Wednesday, March 12, 2014


One of the learning tools I use to increase reading comprehension is narration. I start narration very young. Let me give you an example. This morning Hershey brought me a book that I have read to him a million times. I read it to him once all the way through and then I asked him to read it to me. He did really well. It was only a 5 page book with a very simple story line. 
Page 1 "Elmo. Where Manket?"
Page 2 "Cookie cookie. Mon-ter. Ta-da. Here Manket. Here Elmo"
Page 3 "That is that. That the bubble. And Elmo. A baby crying"
Page 4 "Swing, bike, gown-gown (playground)"
Page 5 "Go go car" 
Twizzler is at the stage where he can read the books to me and then give me a brief oral narration. I let him flip through the pages to help jog his memory. Today he read, Frog and Toad, A Swim.

Today in the story, Toad and frog went swimming around a river. Toad was putting on his swimsuit. They jumped into the water of the river. Toad went looking for frog and frog told the turtle, 'You should see Toad in his best suit.' He called the lizards. He told the snake. He told the two big dragonflies. Frog told the field mouse and then they all gathered around the river bank. They begged frog to come out and he went on a rock that was near and they all laughed. The turtle laughed. The lizard laughed. The snake laughed. The field mouse laughed and frog laughed and then Toad walked away. Frog was looking at him and Toad picked up his cloth and went home. And that is the story.  
Skittles is reading Shipwrecked! The True Adventures of a Japanese Boy. He usually reads one chapter per day independently and then writes a short narration about what he just read. Today he read, A Japanese Boy In New England. 
Manjiro walked on the first draw bride he saw. Manjiro who was sixteen had never done school in his life. The Whitfields bought a farm in New England that had fourteen acres of land. Manjiro was amazed. In Japan a person could only have a small yard. 
When we finish our history and science readings, I also ask the kids to give me an oral narration on what we read. For those subjects I let them tag team it. In history we read about John Audubon. 
Twizzler: We read about John Audubon living in the wild in the woods he had to go in the woods to study the birds. He was a good shooter. His friend asked him to shoot his cap and his friend threw it in the air and he could shoot it. 
Skittles: They said John Audubon was a good shooter but the hunters were better. You know that tip of a candle? They could shoot off the tip of the wick and the candle was still burning. While he was living with the American Indians, someone had to fight a bear and the Indian won with a little bit of help from Audubon. The Indian stabbed it a few times with a knife and then Audubon shot it. He used to climb trees and collect eggs but he would not take all the eggs. He just took what he needed.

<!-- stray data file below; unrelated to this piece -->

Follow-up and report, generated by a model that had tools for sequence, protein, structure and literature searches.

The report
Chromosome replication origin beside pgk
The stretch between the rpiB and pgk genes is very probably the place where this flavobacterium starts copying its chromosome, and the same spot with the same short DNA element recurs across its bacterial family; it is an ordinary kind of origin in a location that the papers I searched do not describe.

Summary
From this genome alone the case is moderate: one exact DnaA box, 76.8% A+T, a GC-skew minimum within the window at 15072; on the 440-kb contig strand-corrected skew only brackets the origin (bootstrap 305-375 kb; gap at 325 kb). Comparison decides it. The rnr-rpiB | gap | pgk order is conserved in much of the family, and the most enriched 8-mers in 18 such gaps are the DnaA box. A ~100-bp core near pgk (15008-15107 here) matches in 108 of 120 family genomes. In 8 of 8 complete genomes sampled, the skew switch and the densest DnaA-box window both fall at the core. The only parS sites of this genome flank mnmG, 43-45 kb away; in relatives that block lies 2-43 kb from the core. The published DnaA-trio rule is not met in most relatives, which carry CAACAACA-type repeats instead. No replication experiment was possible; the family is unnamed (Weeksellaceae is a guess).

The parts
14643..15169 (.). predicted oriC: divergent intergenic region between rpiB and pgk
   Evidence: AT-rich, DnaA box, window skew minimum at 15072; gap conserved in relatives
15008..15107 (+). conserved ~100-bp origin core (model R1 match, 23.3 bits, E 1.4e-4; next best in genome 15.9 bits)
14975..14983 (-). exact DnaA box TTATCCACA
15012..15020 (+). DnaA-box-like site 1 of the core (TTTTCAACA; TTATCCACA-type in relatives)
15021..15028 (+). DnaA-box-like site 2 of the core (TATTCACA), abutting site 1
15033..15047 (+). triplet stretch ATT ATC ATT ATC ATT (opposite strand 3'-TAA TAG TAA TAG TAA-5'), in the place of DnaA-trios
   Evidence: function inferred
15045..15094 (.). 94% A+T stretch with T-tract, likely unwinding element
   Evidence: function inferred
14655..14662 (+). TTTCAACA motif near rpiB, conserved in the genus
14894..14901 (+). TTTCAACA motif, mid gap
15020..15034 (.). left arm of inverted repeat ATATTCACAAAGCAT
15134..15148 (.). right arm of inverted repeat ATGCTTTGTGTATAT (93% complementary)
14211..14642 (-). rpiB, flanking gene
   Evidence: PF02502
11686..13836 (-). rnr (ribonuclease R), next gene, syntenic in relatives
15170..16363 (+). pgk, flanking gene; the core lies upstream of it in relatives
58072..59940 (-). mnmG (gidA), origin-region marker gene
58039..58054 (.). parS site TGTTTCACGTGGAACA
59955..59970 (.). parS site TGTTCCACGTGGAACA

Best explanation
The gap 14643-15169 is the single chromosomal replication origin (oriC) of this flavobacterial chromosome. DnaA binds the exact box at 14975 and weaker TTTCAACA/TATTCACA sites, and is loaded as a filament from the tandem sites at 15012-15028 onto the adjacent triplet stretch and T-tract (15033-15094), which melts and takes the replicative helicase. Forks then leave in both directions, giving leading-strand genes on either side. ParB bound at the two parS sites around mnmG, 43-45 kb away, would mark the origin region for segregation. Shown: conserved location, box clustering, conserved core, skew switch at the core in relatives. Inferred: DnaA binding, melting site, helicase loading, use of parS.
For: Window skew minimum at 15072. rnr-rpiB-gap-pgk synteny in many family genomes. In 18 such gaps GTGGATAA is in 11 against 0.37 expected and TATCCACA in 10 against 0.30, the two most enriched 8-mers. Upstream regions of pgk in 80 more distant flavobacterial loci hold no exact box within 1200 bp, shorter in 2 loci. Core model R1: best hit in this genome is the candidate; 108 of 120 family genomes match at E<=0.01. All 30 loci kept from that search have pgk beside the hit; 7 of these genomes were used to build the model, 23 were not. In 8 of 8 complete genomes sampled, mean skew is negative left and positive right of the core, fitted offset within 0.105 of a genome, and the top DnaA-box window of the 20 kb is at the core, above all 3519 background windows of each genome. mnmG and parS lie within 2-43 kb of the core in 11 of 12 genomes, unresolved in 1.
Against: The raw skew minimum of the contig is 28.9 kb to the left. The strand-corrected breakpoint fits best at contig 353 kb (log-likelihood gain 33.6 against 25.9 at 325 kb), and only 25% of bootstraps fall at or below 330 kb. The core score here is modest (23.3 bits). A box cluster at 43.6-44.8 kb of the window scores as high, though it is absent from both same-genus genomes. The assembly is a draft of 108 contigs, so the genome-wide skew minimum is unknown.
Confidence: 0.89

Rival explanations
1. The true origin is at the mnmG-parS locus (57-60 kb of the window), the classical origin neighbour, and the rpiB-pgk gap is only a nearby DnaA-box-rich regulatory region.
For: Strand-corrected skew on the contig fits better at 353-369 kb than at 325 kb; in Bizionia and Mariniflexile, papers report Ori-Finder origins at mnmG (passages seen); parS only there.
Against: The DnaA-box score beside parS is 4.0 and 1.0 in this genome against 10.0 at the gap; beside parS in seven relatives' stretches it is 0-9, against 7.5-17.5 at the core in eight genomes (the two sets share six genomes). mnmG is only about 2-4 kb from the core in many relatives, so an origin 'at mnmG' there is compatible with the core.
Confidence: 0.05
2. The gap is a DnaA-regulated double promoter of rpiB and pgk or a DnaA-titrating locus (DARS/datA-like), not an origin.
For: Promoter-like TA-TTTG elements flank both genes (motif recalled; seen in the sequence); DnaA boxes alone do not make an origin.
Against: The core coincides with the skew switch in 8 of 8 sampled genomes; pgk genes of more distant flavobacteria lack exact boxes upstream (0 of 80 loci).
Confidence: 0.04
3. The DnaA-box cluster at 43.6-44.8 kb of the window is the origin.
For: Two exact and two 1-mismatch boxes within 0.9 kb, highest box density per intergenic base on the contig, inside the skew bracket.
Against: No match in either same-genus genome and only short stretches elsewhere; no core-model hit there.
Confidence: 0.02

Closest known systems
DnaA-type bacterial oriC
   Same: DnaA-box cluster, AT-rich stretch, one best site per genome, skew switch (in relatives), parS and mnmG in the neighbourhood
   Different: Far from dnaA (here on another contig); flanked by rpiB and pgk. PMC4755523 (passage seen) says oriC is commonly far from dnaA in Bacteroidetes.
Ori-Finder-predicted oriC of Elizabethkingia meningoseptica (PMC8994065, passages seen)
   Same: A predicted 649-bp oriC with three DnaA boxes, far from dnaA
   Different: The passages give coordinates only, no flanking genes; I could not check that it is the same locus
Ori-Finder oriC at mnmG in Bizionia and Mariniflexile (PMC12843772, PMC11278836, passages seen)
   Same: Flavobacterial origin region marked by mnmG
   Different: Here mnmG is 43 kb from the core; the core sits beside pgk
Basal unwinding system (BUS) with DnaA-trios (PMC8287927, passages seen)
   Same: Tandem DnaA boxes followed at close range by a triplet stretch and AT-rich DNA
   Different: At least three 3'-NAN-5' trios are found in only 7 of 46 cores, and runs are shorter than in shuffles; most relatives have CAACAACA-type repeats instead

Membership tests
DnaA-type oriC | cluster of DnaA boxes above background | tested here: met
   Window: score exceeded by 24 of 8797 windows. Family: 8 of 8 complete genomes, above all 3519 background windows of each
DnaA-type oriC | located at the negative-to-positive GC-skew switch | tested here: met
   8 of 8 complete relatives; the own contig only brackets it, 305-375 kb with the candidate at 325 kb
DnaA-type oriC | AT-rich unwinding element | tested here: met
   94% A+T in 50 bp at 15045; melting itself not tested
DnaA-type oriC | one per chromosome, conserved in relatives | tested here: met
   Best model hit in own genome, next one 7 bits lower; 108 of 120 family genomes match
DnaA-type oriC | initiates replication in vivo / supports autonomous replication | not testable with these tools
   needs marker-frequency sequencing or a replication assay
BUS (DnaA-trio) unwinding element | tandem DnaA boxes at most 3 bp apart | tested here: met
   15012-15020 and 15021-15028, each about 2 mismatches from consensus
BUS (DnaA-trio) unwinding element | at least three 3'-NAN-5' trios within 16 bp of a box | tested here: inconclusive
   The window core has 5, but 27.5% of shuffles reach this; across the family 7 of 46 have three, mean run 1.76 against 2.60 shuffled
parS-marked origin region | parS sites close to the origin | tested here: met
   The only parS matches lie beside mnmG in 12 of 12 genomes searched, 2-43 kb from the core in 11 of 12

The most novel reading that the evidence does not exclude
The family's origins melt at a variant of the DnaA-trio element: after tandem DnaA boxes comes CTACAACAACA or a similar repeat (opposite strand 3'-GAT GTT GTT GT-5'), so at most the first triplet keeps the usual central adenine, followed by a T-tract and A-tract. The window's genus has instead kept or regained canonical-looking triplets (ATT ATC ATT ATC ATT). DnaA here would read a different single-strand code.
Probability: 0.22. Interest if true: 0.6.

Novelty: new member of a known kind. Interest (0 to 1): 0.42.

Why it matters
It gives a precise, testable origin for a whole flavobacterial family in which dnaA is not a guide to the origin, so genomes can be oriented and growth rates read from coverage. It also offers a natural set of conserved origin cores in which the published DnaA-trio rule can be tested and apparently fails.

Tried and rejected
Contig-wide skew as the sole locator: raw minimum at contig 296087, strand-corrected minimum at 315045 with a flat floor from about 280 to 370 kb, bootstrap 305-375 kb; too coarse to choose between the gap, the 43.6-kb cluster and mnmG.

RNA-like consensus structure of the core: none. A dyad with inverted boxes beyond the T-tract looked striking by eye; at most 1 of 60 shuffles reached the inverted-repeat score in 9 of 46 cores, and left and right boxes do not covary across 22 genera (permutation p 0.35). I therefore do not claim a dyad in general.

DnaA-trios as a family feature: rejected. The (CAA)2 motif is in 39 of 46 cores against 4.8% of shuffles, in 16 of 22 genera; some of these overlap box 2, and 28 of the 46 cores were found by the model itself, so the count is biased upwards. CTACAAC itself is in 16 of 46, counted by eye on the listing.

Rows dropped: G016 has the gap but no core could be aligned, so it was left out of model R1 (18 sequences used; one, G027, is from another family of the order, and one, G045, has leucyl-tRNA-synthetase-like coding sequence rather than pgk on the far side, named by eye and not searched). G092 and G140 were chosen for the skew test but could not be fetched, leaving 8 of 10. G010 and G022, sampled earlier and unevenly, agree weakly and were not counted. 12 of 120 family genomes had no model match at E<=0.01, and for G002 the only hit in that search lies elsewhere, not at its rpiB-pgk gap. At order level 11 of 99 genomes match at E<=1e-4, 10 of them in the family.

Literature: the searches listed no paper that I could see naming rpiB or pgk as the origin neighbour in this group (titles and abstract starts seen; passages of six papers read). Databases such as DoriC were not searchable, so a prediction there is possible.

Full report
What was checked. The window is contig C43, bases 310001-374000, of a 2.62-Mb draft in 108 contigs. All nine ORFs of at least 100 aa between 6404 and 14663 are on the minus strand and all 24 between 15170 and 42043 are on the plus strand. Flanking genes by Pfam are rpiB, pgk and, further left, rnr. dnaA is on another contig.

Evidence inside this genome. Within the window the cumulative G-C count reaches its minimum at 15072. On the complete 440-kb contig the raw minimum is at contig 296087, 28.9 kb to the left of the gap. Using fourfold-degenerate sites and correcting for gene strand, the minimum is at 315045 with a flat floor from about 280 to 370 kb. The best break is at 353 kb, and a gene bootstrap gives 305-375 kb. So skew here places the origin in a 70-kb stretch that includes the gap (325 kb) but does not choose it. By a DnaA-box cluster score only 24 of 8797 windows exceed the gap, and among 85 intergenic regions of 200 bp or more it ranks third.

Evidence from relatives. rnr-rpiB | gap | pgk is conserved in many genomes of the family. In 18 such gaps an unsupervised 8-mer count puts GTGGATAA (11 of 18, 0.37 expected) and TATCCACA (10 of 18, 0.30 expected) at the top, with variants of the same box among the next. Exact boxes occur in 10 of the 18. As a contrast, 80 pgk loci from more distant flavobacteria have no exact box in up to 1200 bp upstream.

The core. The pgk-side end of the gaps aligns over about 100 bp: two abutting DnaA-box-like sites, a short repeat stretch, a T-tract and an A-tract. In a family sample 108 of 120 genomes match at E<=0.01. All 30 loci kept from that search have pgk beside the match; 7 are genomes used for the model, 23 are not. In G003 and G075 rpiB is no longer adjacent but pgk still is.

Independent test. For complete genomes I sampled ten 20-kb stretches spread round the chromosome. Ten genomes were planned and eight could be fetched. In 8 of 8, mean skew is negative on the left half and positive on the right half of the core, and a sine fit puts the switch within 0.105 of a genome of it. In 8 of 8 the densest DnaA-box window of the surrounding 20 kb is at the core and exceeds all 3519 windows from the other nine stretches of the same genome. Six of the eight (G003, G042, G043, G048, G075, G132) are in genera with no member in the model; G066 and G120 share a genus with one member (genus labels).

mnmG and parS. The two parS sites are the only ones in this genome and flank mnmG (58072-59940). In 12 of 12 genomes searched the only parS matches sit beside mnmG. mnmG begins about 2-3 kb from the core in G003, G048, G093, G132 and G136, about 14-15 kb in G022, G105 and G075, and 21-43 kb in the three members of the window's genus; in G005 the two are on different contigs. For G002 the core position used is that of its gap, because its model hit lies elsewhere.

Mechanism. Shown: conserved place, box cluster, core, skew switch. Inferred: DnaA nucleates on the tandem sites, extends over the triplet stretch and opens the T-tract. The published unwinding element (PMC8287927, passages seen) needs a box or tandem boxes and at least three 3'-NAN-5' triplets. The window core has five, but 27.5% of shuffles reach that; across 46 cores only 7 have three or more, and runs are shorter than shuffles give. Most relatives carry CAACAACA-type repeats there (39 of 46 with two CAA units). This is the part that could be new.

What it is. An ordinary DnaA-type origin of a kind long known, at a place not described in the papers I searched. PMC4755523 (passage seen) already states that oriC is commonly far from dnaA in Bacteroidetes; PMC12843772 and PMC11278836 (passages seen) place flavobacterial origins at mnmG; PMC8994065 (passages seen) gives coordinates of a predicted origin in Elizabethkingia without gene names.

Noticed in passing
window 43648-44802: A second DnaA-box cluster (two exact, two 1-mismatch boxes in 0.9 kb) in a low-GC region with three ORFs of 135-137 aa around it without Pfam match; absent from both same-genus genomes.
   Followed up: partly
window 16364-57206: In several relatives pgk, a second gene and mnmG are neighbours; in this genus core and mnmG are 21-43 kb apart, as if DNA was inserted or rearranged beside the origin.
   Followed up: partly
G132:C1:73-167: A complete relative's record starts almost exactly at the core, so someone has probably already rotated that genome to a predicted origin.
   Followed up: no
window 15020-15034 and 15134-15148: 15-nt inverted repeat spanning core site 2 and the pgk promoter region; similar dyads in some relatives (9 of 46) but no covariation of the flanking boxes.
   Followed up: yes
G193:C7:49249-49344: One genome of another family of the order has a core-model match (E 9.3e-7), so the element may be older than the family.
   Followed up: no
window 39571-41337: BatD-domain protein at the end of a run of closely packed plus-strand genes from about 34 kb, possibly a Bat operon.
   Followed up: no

Twizzler: He wanted to experiment it and he poked little holes and blowed through them.
Skittles: He blew out all the stuff in it and then strung the egg shells together. He would also keep the egg and he drew them to make them look real. He went to France to be a writer and painter. He also collected birds. He decided they didn't look real enough so he decided to put the live birds in a cage and then he painted them. And that is how we have our Audubon Field Guide book. 
In science we learned about the different kinds of bees and bee impersonators. They copied a bible verse and they drew pictures of the bees. I hope this helps Twizzler with his fear of bumble bees. We have to walk past them to our car every day from March to October. I have had to carry him to the car screaming many times. Maybe having read in his science book that bumble bees a reluctant to sting, he will become more brave. 
Oh and I had no idea that there were no bees in America until the 1600s. Europeans brought them over here. My whole childhood people told me they are vital to the ecosystem. APPARENTLY NOT! The ecosystem did just fine before bees showed up. On October 15, 1492 Columbus wrote in his journal that all the islands were, "extremely verdant and fertile." Sited here 

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